FINRA and Securities Arbitration Lawyers
Recover Investment Losses from Broker Misconduct, Fraud, or Scams
Investors who have been misled or otherwise wronged by their broker, financial planner or investment advisor may be able to recover their losses. For those brokers, advisors and firms that are registered with the Financial Industry Regulatory Authority (FINRA), it is generally required that legal claims against them be filed in FINRA arbitration proceedings.
Losses on Your Investments Due to Fraud or Scams?
Speak privately with a securities arbitration lawyer about how to recover your money. All consultations are free and confidential.
What is FINRA?
FINRA is a regulatory entity that oversees over 4,500 brokerage firms and over 600,000 individual financial professionals to ensure that the marketplace is fair for investors, and that they are protected.
FINRA regulates the financial industry by focusing on the following activities:
- Deterring misconduct by enforcing the rules
- Disciplining those who break the rules
- Deterring and preventing wrongdoing in the U.S. markets
- Educating investors
- Resolving securities disputes
Operating an arbitration forum for disputes between investors and financial advisors is one of the most critical roles of FINRA, because in the financial services industry, many investment and brokerage agreements contractually require disputes to be resolved through FINRA arbitration. FINRA administers the largest securities dispute resolution forum in the U.S. and sets guidelines, procedures, rules, and requirements for arbitration between disputing parties.
Questions? Contact Us.
What Types of Stock Broker Misconduct Does FINRA Address?
Investment professionals are legally required to act in their clients’ best interests, and not to mislead or otherwise defraud their clients. Investors whose brokers or brokerage firms misled or caused their clients to suffer significant losses may have the right to pursue legal claims through FINRA arbitration. Read more about common types of broker misconduct handled by FINRA arbitration.
If you believe your broker may have violated the law causing you or a family member to suffer significant losses, our investment attorneys can help you evaluate your legal claims and understand your options for recovery.
How Does FINRA Arbitration Work?
Investment arbitration through FINRA provides an efficient and economical way of resolving complaints, often more quickly than filing a lawsuit in court.
Key features of FINRA arbitration include:
- The parties present documents and testimony in a similar way to how parties in a civil lawsuit present evidence at trial.
- An arbitrator (or up to three arbitrators) listens and decides the outcome of the case, similar to a judge or jury in Court. Because the arbitrators may have experience in the securities industry, the arbitration panel might have more insight into the violation of securities regulations than a typical jury or judge.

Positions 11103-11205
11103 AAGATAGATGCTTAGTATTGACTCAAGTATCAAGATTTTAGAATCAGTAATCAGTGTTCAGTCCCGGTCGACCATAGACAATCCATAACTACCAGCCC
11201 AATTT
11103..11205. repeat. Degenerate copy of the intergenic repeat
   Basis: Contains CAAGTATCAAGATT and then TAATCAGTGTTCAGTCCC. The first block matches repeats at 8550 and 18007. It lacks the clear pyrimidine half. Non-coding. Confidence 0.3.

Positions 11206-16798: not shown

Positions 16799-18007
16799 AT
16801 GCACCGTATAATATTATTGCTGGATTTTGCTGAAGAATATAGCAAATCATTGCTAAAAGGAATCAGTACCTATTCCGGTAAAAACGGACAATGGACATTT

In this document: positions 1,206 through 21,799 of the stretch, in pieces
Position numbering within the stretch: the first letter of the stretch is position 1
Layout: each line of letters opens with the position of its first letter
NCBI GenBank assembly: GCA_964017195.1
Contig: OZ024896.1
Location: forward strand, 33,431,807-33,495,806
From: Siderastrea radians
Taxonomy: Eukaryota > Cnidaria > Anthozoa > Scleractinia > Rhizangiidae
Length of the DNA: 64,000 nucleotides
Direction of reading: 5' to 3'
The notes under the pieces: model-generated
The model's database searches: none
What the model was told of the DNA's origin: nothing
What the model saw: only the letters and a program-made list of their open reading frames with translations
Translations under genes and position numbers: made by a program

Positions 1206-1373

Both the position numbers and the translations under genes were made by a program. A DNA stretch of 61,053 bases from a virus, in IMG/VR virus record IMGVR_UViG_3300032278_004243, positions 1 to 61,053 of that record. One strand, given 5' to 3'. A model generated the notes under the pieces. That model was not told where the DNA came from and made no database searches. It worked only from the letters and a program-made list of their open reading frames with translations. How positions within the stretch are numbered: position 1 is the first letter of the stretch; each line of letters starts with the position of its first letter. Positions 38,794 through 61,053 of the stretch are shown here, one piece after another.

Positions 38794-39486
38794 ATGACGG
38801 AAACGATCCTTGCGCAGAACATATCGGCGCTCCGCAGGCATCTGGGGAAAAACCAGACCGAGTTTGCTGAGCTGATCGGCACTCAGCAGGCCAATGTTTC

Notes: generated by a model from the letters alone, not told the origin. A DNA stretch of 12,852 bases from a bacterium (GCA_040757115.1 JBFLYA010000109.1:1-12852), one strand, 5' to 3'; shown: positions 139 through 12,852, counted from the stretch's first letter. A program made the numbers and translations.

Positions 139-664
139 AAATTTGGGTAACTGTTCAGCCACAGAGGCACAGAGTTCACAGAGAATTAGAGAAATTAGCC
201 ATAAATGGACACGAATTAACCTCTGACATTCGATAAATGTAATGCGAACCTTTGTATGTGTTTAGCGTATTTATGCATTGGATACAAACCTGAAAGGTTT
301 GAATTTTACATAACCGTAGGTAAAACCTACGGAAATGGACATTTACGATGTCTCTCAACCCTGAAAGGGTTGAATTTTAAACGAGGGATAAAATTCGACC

- At the conclusion of the case, FINRA enforces the prompt payment of arbitration awards, and has the power to revoke individual broker and brokerage firms’ licenses should they fail to pay an amount owed under an arbitration award.
The FINRA arbitration process moves relatively quickly. Typically, a FINRA arbitration case takes 14 months to complete from when the case is filed to when it is decided.
Our securities and financial fraud attorneys represent individual investors in FINRA arbitration and leverage decades of experience in financial fraud and securities litigation to ensure our clients recover investments lost to fraudulent conduct whenever possible.
Steps You Can Take to Prepare for FINRA Arbitration
If you think your broker took advantage of you or a family member, there are steps you can immediately take to fight back:
- Don’t delay
Every legal claim has a certain amount of time in which you must file a lawsuit (known as a “statute of limitations”). If you don’t act within that time period, you may lose your ability to sue your broker. Sometimes when investors discover that they have been defrauded, they feel embarrassed and ashamed; this can paralyze people and prevent them from seeking help or taking quick action. Reacting rapidly when you discover a possible fraud is incredibly important because the passage of time may affect your rights.
- Gather your documents
Financial statements, stock trades, customer agreements, emails, and other correspondence with your broker could be relevant and useful.
- Consult with an experienced financial fraud lawyer
Our skilled financial fraud lawyers can conduct an account audit to determine the full extent of your damages and determine whether misconduct occurred. Brokers or financial advisors who commit one type of fraud or scam often don’t stop there — understanding the full extent of the harm is critical to determining how best to proceed.
Financial Abuse of the Elderly
Elder financial abuse occurs anytime a financial institution or professional takes or assists others in taking the personal property of an elder for wrongful use or with an intent to defraud the elder. This may include theft, for example, a broker transferring investor funds into his personal account; less overt forms of fraud, like charging excessive fees; or negligence, like over-concentrating a retiree’s life savings into a single, high-risk investment.
Elderly and senior investors who lost money on their investments as a result of broker or advisor misconduct may recover their losses in securities arbitrations and FINRA arbitration proceedings, as well as individual and even class actions.
Legal actions on behalf of senior investors may be brought by a living or deceased victim of elder financial abuse or their representative: a spouse or family member, neighbor or friend, or court-designated power of attorney, conservator, or guardian.
Speak Privately with an Elder Financial Abuse Attorney